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Time pressures often require highly efficient, intuitive approaches to decision making. On the fly, we depend upon short cuts, or heuristics, to make rapid, efficient decisions. Heuristics are indispensable cognitive processes for quickly solving problems without the formal use of logic and research evidence. Encountering unfamiliar situations, for example, we act based on outcomes of recent similar, memorable or noteworthy experiences (the availability heuristic).1 In light of the flood of data encountered in daily life, such short cuts are unavoidable, but they can also lead to error, such as overestimating the likelihood of a rare event. Physicians, like everybody else, are psychologically predisposed to similar errors in their medical practices.2 Evidence-based practice and teaching requires an awareness of the potential pitfalls of intuitive, heuristically derived clinical decision making and effective strategies for circumventing these pitfalls.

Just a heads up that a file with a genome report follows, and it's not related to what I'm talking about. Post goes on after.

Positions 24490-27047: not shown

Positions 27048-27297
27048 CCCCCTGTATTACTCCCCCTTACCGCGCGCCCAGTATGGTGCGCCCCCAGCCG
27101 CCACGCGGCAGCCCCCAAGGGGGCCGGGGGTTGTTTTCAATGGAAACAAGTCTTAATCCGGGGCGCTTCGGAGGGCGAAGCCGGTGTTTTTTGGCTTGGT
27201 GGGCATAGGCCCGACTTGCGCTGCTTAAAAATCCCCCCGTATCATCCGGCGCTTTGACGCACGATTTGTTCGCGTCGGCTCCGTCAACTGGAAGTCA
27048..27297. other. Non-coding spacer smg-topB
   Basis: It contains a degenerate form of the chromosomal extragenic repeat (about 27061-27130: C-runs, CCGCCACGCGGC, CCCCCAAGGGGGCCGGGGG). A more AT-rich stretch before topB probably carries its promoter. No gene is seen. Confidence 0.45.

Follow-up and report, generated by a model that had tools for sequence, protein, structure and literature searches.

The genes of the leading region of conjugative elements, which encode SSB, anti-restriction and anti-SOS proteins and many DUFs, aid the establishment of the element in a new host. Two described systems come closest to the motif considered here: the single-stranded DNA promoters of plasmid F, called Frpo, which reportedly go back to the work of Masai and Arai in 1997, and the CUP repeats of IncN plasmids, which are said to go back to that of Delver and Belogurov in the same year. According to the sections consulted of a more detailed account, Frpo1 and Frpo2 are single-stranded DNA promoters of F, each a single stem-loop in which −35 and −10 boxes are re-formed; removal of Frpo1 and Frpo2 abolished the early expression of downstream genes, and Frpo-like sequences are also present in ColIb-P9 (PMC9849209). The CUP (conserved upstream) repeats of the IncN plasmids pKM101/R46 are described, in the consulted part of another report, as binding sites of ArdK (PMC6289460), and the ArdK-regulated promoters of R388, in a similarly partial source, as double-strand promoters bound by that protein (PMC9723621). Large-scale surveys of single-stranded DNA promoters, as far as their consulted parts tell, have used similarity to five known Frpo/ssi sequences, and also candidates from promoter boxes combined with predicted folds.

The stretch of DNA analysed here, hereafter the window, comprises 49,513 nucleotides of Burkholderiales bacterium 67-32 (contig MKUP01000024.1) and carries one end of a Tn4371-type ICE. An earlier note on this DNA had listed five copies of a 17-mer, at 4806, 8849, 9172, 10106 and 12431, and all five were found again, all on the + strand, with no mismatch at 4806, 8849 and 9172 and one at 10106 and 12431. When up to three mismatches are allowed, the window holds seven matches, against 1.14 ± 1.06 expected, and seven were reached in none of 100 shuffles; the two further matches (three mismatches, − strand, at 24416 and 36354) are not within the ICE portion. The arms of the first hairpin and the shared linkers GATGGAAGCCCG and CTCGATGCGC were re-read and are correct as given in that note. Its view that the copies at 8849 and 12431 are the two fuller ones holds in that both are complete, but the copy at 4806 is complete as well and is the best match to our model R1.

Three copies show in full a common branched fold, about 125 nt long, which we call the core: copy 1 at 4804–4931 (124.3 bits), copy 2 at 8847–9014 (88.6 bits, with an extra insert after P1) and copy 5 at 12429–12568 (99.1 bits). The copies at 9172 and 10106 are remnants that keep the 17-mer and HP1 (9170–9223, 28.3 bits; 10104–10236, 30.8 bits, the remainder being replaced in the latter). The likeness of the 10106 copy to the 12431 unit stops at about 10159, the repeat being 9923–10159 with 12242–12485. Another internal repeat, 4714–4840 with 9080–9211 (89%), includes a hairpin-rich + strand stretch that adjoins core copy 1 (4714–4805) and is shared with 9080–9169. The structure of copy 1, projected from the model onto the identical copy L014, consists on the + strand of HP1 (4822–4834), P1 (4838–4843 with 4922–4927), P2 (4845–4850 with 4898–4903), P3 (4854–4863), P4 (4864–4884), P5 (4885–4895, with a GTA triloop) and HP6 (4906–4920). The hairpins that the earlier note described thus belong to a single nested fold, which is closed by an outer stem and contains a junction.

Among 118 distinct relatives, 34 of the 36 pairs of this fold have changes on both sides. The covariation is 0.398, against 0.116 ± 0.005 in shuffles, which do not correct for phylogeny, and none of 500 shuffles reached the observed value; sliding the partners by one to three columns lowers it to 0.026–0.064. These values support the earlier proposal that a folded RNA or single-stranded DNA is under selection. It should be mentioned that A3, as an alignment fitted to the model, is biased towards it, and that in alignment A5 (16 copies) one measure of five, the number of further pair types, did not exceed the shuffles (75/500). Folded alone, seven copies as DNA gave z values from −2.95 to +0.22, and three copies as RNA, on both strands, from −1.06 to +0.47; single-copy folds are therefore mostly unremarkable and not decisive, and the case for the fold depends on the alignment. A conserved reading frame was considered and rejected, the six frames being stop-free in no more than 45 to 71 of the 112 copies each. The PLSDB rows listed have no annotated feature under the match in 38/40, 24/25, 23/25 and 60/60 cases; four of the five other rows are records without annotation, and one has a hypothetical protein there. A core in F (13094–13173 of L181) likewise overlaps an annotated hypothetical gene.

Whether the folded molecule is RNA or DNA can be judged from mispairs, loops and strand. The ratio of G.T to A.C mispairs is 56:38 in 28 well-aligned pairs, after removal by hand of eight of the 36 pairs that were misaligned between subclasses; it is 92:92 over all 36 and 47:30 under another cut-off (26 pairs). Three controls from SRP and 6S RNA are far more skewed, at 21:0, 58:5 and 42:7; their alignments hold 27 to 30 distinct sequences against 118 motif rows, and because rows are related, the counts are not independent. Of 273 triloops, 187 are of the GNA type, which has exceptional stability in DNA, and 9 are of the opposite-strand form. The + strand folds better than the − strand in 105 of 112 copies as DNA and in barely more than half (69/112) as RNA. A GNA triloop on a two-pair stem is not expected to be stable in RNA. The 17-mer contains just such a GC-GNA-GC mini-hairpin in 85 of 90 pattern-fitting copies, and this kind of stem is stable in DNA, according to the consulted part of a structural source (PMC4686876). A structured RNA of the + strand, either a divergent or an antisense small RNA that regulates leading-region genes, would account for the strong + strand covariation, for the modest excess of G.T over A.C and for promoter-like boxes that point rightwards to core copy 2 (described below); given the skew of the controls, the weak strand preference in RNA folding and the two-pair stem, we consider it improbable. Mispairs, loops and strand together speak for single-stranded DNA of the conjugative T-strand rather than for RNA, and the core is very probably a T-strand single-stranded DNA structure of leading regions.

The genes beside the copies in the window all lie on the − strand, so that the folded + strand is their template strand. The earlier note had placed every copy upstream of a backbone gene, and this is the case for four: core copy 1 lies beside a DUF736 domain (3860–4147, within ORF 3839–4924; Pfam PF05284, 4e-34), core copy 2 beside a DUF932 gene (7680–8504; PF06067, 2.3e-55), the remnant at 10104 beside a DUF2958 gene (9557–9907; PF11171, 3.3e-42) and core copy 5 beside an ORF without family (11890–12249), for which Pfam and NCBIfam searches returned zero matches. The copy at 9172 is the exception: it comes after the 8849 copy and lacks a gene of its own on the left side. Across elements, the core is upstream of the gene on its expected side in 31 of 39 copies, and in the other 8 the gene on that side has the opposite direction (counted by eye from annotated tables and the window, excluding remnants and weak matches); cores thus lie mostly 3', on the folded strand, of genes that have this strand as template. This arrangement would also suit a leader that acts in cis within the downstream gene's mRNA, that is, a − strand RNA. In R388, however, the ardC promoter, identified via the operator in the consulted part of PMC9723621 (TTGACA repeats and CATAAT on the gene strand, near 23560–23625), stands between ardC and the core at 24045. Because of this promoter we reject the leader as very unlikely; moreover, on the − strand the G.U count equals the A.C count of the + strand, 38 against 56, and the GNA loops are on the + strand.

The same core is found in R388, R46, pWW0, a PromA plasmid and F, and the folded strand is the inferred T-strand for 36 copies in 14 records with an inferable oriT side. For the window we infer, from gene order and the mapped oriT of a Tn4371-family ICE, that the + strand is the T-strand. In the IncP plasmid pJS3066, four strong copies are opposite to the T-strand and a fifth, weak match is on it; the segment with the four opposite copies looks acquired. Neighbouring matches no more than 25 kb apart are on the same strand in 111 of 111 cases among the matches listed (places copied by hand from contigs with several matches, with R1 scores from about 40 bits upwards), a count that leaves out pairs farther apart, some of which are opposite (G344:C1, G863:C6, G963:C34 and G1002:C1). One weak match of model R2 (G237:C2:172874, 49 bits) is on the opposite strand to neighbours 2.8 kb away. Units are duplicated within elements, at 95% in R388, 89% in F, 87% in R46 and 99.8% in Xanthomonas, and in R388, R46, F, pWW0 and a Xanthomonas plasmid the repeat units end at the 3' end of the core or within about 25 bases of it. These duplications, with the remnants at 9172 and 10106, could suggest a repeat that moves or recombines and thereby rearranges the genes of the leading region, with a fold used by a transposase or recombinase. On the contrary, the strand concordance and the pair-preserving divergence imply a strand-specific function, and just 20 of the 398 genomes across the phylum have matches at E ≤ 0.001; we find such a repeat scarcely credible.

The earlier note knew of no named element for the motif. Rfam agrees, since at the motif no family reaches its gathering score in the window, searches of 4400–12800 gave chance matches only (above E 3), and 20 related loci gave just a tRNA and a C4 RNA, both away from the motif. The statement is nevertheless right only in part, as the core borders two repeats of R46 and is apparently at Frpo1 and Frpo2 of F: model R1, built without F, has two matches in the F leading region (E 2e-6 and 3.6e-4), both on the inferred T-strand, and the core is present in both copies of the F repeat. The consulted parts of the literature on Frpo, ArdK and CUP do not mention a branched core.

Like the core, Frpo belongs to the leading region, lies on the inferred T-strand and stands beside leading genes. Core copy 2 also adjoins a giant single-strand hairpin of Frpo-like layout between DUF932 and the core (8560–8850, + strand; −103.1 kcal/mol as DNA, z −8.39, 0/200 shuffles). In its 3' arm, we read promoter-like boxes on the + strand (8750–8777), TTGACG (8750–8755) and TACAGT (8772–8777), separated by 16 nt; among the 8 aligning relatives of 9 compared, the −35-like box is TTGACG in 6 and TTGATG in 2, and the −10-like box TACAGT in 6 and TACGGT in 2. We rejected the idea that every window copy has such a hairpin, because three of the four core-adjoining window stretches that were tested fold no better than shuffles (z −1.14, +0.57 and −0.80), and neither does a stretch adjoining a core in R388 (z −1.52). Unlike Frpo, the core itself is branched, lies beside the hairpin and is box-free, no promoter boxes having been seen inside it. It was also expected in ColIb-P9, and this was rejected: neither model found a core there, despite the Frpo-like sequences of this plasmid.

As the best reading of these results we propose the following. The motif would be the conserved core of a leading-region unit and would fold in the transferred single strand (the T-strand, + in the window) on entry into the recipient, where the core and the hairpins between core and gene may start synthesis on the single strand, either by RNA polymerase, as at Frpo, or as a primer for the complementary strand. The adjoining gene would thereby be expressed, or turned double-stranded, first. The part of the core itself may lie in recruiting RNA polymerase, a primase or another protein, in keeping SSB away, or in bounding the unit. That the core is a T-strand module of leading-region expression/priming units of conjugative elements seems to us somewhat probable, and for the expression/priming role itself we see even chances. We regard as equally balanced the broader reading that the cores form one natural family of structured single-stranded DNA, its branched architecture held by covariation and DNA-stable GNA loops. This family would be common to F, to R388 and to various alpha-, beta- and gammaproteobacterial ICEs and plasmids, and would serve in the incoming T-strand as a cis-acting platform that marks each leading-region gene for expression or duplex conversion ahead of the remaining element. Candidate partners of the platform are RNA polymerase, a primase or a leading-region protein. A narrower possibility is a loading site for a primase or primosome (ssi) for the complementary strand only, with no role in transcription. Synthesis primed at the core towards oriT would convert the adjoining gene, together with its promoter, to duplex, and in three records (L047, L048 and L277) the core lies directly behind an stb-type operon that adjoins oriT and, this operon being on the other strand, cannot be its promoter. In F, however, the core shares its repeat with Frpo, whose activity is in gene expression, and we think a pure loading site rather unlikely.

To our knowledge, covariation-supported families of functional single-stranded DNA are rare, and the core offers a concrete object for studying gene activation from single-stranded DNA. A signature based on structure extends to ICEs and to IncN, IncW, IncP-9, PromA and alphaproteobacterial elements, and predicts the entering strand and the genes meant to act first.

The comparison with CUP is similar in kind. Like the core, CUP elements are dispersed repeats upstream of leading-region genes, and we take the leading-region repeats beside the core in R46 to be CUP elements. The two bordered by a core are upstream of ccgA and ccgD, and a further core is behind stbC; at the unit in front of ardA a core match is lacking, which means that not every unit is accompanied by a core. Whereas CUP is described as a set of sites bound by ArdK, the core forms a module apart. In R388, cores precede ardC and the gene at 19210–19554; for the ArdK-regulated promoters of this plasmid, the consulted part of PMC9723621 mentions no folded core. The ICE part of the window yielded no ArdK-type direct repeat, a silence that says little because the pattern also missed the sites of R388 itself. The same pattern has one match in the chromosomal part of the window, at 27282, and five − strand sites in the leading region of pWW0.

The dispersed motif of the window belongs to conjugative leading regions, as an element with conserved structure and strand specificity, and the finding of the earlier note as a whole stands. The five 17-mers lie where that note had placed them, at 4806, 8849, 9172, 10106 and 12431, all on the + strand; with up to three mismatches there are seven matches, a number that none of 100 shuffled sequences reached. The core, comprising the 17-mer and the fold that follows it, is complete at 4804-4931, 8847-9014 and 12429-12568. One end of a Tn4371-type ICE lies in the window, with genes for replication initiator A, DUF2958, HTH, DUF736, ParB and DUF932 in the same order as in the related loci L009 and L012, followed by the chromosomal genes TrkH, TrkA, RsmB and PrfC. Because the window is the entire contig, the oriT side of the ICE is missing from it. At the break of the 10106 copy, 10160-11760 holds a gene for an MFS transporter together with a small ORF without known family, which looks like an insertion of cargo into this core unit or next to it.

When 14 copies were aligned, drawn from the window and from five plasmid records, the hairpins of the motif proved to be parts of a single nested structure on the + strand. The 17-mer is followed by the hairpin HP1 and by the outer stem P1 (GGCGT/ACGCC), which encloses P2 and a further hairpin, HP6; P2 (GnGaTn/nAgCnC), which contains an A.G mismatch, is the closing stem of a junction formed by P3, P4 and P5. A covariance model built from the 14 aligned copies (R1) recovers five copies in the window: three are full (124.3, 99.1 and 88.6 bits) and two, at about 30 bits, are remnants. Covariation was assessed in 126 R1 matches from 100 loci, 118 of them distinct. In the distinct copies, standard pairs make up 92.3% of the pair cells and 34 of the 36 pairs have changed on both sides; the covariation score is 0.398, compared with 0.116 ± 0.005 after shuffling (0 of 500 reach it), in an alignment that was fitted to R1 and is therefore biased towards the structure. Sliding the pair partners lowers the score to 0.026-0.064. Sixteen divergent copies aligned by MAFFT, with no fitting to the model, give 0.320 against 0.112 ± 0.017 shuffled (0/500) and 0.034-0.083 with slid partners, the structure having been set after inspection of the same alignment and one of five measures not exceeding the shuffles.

The availability heuristic implies that our personal clinical experiences will invariably influence our clinical reasoning, if not our ultimate decisions. This heuristic, based on recall of items in memory, presents solutions …
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